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Today’s Cache | Why ransomware attacks on Indian IT firms are concerning?; Google, X ads promoting sites with crypto malware; U.S. court rules Twitter breached contract over failure to pay bonuses | #ransomware | #cybercrime


(This article is part of Today’s Cache, The Hindu’s newsletter on emerging themes at the intersection of technology, innovation and policy. To get it in your inbox, subscribe here.)

Why ransomware attacks on Indian IT firms are concerning? 

IT services company, HCL Technologies stated in its quarterly report on 20 December that a ransomware incident had affected its restricted cloud environment post which the company’s share prices fell. HCL Tech clarified that it hadn’t seen an “observable” impact due to attack but did not share any details around it. An investigation was then launched after consulting with relevant shareholders to determine the root cause of the hack. 

A recent trend of increasing cyber-attacks on Indian companies has become worrying. A 2023 study conducted by Sophos, a cybersecurity organisation showed that 73% of companies reported being victims of ransomware attacks, up from 57% in the last year. IT companies are particularly vulnerable because of the massive amounts of data they hold. In November this year, IT giant Infosys had been at the facing end of another ransomware attack. In another noted incident, in the same month, a ransomware attack had crippled the All India Institute of Medical Sciences (AIIMS) for days with the hackers demanding Rs. 200 crores in cryptocurrency from the hospital.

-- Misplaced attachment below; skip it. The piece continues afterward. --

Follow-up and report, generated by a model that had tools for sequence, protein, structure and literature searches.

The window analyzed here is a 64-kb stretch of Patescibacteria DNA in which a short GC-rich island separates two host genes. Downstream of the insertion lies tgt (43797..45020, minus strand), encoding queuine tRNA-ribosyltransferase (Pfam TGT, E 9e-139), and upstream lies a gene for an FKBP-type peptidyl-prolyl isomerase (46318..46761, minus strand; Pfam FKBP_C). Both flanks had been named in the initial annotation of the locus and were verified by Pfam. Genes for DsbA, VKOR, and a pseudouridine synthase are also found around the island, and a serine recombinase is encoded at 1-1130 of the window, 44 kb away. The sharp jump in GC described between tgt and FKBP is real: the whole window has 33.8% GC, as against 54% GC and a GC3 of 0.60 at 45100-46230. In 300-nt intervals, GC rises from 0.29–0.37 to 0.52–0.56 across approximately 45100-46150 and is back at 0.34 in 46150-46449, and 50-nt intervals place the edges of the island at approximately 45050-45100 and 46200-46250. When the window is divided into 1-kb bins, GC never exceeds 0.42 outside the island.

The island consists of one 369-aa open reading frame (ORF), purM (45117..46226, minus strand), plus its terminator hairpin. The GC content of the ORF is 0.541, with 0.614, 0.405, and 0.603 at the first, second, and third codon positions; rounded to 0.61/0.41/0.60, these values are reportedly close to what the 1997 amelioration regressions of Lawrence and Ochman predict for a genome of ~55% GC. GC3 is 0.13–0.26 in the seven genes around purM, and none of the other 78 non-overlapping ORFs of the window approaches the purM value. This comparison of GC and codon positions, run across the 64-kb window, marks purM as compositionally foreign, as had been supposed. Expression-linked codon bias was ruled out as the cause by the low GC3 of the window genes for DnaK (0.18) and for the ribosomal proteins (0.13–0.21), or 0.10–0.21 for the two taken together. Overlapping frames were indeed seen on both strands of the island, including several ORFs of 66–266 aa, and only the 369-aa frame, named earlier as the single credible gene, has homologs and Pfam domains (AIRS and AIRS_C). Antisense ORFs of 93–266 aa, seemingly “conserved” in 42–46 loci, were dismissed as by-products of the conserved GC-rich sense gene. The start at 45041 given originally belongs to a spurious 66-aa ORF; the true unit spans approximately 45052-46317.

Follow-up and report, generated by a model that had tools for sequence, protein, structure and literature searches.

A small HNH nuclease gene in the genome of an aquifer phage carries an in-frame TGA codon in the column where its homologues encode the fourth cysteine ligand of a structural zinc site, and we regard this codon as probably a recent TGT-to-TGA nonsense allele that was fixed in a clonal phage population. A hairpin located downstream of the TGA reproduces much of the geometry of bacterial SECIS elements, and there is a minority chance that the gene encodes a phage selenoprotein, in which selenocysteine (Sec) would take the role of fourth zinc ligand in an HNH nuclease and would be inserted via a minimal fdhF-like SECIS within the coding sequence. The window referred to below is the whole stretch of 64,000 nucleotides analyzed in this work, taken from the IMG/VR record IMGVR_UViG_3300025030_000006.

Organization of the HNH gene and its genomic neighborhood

Google, X ads promoting sites containing malware

Advertisements promoted on Google and microblogging platform X included sites with a cryptocurrency drainer that had reportedly stolen $59 million from $63,210 victims over the past nine months. A report by Bleeping Computer stated that thousands of phishing sites were found using the drainer from March 2023 until 23 December with spikes in activity observed in May, June and November. Malicious ads on Google Search exploiting a loophole in Google’s tracking template showed up as if they belonged to official domains while on X the ads were much more prevalent and were posted from “verified” accounts carrying the blue tick badge. 

The ads on X also promoted NFT airdrops and new token launches on sites with the drainer. A drainer is a malicious smart contract or a suite made to drain funds from a crypto owner’s wallet without their consent by appearing as a website that looks legitimate. 

U.S. court rules Twitter broke contract with workers

On 22 December, a U.S. federal court ruled that Twitter now called X, had violated contracts by failing to pay annual performance bonuses it had orally promised employees. The lawsuit had been filed by former Twitter employee Mark Schobinger in June. The lawsuit had alleged that Twitter had promised employees a 2022 performance bonus if employees stayed with the company through the final possible payout date which was in the first quarter of this year. The court eventually threw out Twitter’s dismissal of the lawsuit calling Schobinger’s claims valid under California law. X can still choose to appeal the decision. 

Musk’s X has lately been under fire for multiple reasons including prevalence of antisemitic content which has driven big advertisers away, an EU probe that is currently investigating disinformation and criticism of the platform’s response to a recent riot in Dublin. The company’s value has sunk to less than half of the valuation for which Musk bought it in October last year, according to a report by The Verge. 

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